My friend 'Nathan wrote a blog post on privileged invisibility last week, and it got me thinking about my childhood hero, Wonder Woman. Which, of course, provides a perfect excuse to post this amazingly awesome video. (Go watch it; don't worry, I'll wait until you're done.)
No, really, I do have a point. Stay with me here.
I think one of the main reasons I liked Wonder Woman, apart from the bullet-deflecting bracelets, the superhuman strength, and the patented Exploding Disco Spin®, is that she was a woman with a secret—what gay kid can't relate to that?—and she was able to fly under the radar as an ordinary working woman, whether she was a junior naval officer in wartime or a special government agent. (Admittedly, neither of these are ordinary jobs, but still.) When she needed to, though, with just a turn on her heels, she could be something—someone—amazing.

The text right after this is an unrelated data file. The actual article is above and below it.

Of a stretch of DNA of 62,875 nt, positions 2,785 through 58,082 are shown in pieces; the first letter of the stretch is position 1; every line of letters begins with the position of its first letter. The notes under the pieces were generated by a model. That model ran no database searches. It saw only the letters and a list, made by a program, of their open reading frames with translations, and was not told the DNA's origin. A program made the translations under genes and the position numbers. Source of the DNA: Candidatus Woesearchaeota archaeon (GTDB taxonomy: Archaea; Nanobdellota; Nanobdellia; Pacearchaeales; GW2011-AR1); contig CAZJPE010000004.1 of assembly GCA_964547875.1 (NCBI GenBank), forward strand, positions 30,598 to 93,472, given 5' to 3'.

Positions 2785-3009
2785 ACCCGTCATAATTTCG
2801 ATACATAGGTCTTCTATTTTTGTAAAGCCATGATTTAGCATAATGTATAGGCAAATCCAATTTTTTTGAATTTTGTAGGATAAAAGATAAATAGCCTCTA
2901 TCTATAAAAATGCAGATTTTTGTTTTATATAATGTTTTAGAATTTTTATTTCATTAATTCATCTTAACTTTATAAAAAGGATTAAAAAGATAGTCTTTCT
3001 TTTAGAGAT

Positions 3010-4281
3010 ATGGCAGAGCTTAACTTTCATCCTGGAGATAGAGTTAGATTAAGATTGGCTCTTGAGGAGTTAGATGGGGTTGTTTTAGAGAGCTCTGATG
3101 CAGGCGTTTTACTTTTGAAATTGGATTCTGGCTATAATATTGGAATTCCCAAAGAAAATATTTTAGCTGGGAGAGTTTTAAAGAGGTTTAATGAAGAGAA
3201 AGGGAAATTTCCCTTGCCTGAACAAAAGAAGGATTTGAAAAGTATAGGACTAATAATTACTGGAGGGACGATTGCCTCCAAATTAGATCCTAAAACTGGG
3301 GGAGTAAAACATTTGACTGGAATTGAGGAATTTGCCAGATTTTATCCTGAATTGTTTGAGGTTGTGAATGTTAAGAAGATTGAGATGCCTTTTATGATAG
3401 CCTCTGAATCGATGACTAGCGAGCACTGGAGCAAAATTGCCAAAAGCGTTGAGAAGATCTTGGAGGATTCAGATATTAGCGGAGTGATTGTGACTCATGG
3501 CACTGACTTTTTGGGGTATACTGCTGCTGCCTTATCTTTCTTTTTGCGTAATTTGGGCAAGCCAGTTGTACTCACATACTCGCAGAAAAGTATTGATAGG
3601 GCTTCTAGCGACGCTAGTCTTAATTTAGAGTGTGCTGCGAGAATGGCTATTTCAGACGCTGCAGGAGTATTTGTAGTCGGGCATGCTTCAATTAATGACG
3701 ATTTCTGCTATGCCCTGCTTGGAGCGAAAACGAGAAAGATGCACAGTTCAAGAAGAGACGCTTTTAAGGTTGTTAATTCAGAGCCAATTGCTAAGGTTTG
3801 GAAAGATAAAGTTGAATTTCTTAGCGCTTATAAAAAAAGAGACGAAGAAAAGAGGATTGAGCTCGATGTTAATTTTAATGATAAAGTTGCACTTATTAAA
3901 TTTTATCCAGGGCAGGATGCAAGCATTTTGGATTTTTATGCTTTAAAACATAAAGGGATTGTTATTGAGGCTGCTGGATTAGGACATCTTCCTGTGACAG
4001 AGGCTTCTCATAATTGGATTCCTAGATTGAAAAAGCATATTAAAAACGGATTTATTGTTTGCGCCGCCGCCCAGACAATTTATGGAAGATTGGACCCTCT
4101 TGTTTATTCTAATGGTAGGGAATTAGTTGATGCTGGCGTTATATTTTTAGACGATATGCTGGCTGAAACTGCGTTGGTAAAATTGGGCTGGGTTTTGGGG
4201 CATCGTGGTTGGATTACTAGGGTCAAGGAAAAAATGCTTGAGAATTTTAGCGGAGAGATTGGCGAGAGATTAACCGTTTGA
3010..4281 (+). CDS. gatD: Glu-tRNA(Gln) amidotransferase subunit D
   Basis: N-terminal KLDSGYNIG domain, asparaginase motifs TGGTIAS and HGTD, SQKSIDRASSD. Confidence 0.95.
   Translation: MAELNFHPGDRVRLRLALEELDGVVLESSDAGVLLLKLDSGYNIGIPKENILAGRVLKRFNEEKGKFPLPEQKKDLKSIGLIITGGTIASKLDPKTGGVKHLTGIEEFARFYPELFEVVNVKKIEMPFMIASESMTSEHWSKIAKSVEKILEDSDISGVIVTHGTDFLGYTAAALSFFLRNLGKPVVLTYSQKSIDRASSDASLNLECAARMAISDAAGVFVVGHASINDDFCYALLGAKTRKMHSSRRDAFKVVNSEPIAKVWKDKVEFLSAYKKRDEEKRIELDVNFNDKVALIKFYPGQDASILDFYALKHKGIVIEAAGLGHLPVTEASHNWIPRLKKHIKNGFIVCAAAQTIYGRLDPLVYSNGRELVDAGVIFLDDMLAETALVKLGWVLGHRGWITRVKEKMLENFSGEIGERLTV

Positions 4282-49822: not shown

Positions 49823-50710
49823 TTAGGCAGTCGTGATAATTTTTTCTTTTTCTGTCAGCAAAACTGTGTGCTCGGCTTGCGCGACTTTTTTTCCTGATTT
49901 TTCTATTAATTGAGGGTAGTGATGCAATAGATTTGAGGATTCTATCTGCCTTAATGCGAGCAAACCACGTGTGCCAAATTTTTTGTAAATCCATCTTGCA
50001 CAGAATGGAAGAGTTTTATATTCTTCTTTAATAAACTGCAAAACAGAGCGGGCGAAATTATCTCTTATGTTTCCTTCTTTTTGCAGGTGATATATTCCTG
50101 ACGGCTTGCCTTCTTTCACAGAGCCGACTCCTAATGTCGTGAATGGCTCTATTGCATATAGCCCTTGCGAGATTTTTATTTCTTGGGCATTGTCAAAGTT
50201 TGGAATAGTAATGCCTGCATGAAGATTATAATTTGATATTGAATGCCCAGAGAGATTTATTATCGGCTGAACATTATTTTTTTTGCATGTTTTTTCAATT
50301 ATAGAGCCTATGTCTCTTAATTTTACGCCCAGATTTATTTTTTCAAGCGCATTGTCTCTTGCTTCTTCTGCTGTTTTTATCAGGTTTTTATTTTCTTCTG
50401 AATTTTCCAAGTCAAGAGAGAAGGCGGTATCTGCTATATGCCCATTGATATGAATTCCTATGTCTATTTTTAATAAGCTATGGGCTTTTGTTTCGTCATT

Wouldn't it be nice to see ourselves that way?
Admittedly, I'm long past the time when I was so deep in the closet I could see last year's fashion trends. On the other hand, I can easily imagine circumstances where I might not make quite so big a thing about it (hello, Arkansas, Mississippi, Alabama, and Iran, among others). I also think about people who can't hide their secret—people of color, women, transgendered people, or the kid who is just so gay that it's simply out there for the whole world to see.
Whoever he or she is, I really love that kid, by the way.
Some secrets have power over us, and some secrets, like Diana's, are our source of power. Which identity is the real one, though—the one you show, or the one you hide? Diana told her sister that her secret identity allowed her to be in the right place at the right time, where she could help fight against the Nazis. Maybe, even if we don't realize it, our secret and our power are one and the same.
There was a quote I read once from this guy who said, basically, I believe the world would be a better place if we all put on tinfoil bracelets and spun around every day and pretended we were Wonder Woman. Me too. I like to think there's a hero in everyone, even the most unlikely of people. Even you.
(By the way, don't forget the wind-up. It's the most important part of the spin.)